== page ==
In many ways, they are as American as apple pie. They’ve been around for decades, and always been a part of sports. CMT produced a reality show a few years ago about some of the most iconic cheerleaders in professional sports, the Dallas Cowboys Cheerleaders. There were FIVE (mostly terrible) movies made about high school cheerleaders called Bring it On. They even turned those movies (most of which went straight to DVD) into a Broadway musical that is coming to Charlotte this year. You can buy tickets for it at the Blumenthal Center’s website.
But what I will never understand, is where cheerleaders with their cute pleated skirts and team colored tops and color-coordinated pom poms evolved into dance teams, who’s routines are rarely family-friendly, and include more sexualized moves than a Britney Spears concert.
It’s no secret. I’ve said it countless times. I’m not a fan of what the Checkmates bring to center ice between periods. More often than not, I make a point of leaving my seats during this time so I won’t have to be subjected to the dancing. I brought my friend Chris to a game last season, and his comment to me after the dance break during the first intermission was “Put a few poles at center ice, and those girls would look more at home as if they were at the Uptown Cabaret.” Yikes, but true.
I appreciate many of the things the Checkmates do. I like that they are a resource for the Checkers organization to use for outreach opportunities, hospital visits, and community events. They also assist in cleaning the ice during TV time outs, and of course, there’s the bending and flipping of hair during the “Chuck a Puck” at the second intermission that the drunk college boys in my section enjoy. It’s funny though…. I had a conversation with a couple of last year’s players about the Checkmates, and the consensus was their ice cleaning is actually more dangerous than helpful. Some of the ladies, who can hardly stand up on skates, don’t have the upper body strength to lift a full shovel of snow, and instead end up leaving giant piles of it along the boards that is dangerous to the players. (In their defense, it’s probably hard to deal with a shovel and manicured fingernails, plus a perfectly styled head of hair that tends to get in you eyes when you lean down!)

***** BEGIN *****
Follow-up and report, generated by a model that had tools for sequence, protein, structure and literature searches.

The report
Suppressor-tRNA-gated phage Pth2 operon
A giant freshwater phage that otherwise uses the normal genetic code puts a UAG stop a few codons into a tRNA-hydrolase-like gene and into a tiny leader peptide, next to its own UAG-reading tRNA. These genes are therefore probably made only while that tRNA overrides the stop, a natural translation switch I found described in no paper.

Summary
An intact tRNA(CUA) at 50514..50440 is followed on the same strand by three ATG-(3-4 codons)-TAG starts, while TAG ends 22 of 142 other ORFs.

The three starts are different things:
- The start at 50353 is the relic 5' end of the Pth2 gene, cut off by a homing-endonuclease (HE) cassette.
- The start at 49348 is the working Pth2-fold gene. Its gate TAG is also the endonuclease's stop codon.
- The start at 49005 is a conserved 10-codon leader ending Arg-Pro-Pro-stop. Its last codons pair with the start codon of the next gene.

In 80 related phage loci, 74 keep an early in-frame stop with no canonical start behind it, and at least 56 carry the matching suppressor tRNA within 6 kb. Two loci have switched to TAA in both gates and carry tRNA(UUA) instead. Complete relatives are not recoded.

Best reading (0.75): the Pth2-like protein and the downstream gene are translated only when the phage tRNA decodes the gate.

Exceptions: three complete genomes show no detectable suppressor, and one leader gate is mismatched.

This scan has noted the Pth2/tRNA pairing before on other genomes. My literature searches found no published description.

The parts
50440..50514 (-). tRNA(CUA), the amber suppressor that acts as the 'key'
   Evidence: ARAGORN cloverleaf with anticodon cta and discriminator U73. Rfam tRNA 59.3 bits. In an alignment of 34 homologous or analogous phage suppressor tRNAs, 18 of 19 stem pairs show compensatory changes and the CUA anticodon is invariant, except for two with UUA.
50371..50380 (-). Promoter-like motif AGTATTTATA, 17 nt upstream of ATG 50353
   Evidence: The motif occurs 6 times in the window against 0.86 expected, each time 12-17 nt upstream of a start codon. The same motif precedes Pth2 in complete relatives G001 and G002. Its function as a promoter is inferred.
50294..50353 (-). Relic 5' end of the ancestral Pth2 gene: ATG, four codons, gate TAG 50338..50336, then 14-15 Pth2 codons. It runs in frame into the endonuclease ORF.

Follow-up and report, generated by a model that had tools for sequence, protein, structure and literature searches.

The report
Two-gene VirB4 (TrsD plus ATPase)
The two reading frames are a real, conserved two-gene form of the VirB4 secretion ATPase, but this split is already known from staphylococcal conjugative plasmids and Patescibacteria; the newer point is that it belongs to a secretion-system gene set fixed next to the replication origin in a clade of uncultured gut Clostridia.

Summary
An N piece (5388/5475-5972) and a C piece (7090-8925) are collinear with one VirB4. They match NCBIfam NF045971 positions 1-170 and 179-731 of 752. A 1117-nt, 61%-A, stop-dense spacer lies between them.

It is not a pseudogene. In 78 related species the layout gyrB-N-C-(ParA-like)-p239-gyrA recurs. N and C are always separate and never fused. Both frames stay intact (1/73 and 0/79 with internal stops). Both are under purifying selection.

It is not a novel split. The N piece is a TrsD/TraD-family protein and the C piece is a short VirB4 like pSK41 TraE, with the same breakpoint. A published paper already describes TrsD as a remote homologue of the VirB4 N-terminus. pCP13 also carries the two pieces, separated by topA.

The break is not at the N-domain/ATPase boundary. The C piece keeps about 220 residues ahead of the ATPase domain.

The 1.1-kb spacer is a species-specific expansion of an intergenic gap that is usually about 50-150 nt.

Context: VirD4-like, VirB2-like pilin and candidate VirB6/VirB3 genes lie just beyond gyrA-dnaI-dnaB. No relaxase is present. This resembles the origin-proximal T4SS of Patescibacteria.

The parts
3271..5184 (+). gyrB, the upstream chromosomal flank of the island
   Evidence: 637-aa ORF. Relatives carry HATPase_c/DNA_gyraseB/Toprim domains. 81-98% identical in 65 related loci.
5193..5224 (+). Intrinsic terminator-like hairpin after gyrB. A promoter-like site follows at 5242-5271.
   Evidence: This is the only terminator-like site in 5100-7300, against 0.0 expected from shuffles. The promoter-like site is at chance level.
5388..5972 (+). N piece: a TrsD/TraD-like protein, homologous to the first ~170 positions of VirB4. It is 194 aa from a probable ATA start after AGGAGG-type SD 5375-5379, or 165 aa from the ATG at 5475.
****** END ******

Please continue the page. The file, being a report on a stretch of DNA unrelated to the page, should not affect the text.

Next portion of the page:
As far as Checkmate costumes, I think the 2010-11 season saw the Checkmates SLIGHTLY less trashy than in years past (who can forget the go-go boots and skimpy shorts paired with a top that barely contained their ample chests during the ECHL days, or the Christmas bows across their boobs?) but do we REALLY need to see that much bare skin on anyone at a hockey game, where in-arena temperatures are in the 60’s? At some promotional events, they wore t shirts, and I was relieved I wasn’t forced to stare at miles of cleavage. I just REALLY wish the Checkers would adopt the uniforms of the Storm Squad. I’m glad that the Checkmates are supporting the local economy with their frequent tanning sessions, and visits to get their highlights done at local salons, but do I have to see that much skin? It’s not family friendly, and it is not a positive image to show young girls.
I don’t hate all hockey cheerleaders. There are a lot of teams that have them that don’t offend me at all. The Hurricane’s Storm Squad is an example. The ladies wear much more respectable costumes (no camel toes, bare midriffs or boobs practically popping out of their tops) and their purpose at Hurricanes games is to cheer for the team, and get the crowd motivated. They assist with promotional activities, giving away prizes, working with sponsors, etc., but it’s all done very tastefully. They never dance to club music. They don’t do moves that would keep me from bringing my five-year old niece to a game.
On the minor league level, the Milwaukee Admirals have a great promotional team called the Skeleton Krew. They aren’t cheerleaders and never carry pom-poms, but they do lead the crowd during games, assist in cleaning the ice during TV timeouts, and do promotional appearances around the Milwaukee area. My favorite thing about them is they wear hockey jerseys and team colors instead of skanky costumes, and this season will even include men. This is a group I’d be proud to call my own as a fan of the team.
It’s funny… politically, socially, theologically… I’m about as liberal as they come. But when it comes to shoving sex and scantily clad images of women in my face, I get much more conservative, which is why I can’t stand the Checkmates dance routines at games. Through my job, I see about 20 dance performances a year.
While I’ve never taken a dance class, I prefer the technical beauty of ballet (contemporary, classical, modern) over any of the trashy competition-style routines some “schools” in Charlotte do. (Special shout out to North Carolina Dance Theatre, the BEST thing in town as far as dance goes. Talk about incredible athletes! Come check out a show!)
A dislike of hockey cheerleaders must run in the family, because my mom loves going to Checkers games, she absolutely despised the Checkmates at her first AHL game, and I spent a great deal of time in the blog chronicling her opinions. Many of my friends, male and female alike, young and old, feel the same way.
What happened to wholesome cheerleaders of the past, and why can’t we get them back, instead of dance moves that leave me feeling a bit nauseous.